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Letters to the editor, Sept. 18

Cartoon by Jim Meadows

Cartoon by Jim Meadows

Does noisy work have to be done at 7 a.m.?

To the Editor:

The other day around 9:30 a.m. I passed a group of PCV/ST workers sitting on a bench taking a coffee break. Their leaf blowers were resting quietly on the ground along with a large pile of leaves. It was quiet, but it was very noisy earlier when these leaf blowers were operating their loud machines, probably around 7 a.m.

I say 7 because on another occasion at 7, I called Public Safety to complain about these early morning noises which make it impossible for many residents like me to get adequate sleep. Public Safety identified that morning’s noise as a street sweeper and referred me to Resident Services. The woman at Resident Services told me that this noise was necessary because management “has to maintain the property.”

When I informed her of NYC’s law prohibiting loud machine noises before 8 a.m., she referred me to the property manager. But when I called the property manager, she wasn’t answering her phone so I left a message to call me back regarding the noisy machines. She still hasn’t returned my call and I’m betting she never will. After all, what could she say?

On pcvstliving.com, management states, “We are dedicated to providing the most comfortable and convenient experience for our residents.” Also, management’s “noise policy” urges residents to “Be mindful and considerate of neighbors during traditionally quiet hours (late night and early morning).”

Furthermore, “it is expected that you will do everything possible to diminish the transmission of sound and noise.”

Huh? Is this the same management that doesn’t return residents’ calls about excessive noise? The same management that has street sweepers, lawn mowers, leaf blowers and other loud machines destroying the peace and quiet of those “traditionally quiet hours (late night and early morning)?” The same management that expects residents to “do everything possible to diminish the transmission of sound and noise”?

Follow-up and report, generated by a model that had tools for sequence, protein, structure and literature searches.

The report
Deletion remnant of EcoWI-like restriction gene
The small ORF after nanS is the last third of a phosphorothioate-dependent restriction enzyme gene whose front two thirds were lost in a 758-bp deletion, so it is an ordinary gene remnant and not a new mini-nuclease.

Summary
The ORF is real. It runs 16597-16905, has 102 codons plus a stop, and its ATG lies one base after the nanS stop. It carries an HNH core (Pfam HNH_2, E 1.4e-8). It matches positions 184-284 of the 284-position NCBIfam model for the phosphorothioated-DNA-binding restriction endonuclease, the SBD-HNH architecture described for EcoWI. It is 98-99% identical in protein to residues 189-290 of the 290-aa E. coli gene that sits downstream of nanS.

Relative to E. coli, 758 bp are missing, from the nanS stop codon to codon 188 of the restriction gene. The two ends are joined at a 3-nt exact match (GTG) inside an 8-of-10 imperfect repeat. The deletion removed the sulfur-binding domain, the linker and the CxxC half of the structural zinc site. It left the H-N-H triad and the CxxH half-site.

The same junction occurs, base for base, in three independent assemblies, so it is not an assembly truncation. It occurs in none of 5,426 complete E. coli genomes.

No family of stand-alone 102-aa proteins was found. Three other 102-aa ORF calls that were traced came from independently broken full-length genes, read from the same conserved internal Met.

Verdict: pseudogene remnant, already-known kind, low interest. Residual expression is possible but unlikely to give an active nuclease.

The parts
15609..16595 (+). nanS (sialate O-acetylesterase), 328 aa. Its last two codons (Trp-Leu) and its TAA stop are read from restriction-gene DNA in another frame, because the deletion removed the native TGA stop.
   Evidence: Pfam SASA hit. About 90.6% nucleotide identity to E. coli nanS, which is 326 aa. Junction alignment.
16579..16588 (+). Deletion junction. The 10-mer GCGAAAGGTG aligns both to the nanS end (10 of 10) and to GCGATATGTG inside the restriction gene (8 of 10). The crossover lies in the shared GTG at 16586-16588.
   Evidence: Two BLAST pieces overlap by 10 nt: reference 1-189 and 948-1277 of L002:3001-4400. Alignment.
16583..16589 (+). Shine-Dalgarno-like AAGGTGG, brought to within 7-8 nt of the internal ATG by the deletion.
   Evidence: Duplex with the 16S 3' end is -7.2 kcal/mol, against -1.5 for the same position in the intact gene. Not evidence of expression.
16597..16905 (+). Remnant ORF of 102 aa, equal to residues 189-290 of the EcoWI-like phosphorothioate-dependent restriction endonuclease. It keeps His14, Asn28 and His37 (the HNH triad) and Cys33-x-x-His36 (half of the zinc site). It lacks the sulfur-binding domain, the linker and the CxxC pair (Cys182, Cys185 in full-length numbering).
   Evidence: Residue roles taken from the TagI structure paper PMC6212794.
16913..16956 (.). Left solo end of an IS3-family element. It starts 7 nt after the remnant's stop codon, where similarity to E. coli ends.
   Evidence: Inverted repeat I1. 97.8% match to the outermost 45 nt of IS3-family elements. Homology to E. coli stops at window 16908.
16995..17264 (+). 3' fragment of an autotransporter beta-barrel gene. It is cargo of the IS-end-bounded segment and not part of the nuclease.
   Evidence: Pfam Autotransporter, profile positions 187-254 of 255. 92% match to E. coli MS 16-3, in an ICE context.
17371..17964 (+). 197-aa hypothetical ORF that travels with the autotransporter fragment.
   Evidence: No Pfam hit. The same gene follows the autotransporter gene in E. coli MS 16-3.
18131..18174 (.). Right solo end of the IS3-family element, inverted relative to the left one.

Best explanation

Noise is definitely a quality of life issue and both management and residents should be expected “to do everything possible” to maintain at least a reasonable, if not high, quality of life for humans on the property, not just the physical property itself.

After all, what’s more important, humans or property maintenance? So would it be possible for our dedicated, mindful and considerate management to schedule the operation of all those loud noisy machines at the same time when the PCVST workers were having their coffee break at 9:30 a.m.? It’s very simple really. All the quiet work and coffee breaks could be scheduled in the early morning while the loud and noisy work would be performed after 9:30.

It would be nice to be awakened in “those traditionally quiet hours” of early morning with the comfortable experience of bird song instead of Armageddon.

John Cappelletti, ST

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Letters to the Editor, Sept. 11

Owning won’t end problems with students

To the Editor:

I fully support Larry Edwards’ demand for a conversion “that is affordable to all the tenants who live here today and to those who have been living here for 30 to 40 years or more.” (Town &  Village, Sept. 4).

However, assuming that owning an apartment will prevent transient college students from noisy partying at all hours is unrealistic in today’s real estate market. The neighboring universities will merely buy up blocks of apartment condos or co-ops as investments and turn them into student dorms with the same “howling in the courtyards,” and “waking up their neighbors at 3 or 4 in the morning.”

As for affordability, only stronger rent stabilization laws can keep apartments within the middle class, not “ownership.” Today’s “market rate” for two-bedroom Manhattan co-ops ranges from $750,000 to over a million. Families earning under $300,000 a year will be shut out.

This has nothing to do with building owners, the Tenants Association, or elected officials – all  are powerless against the so-called “free market.”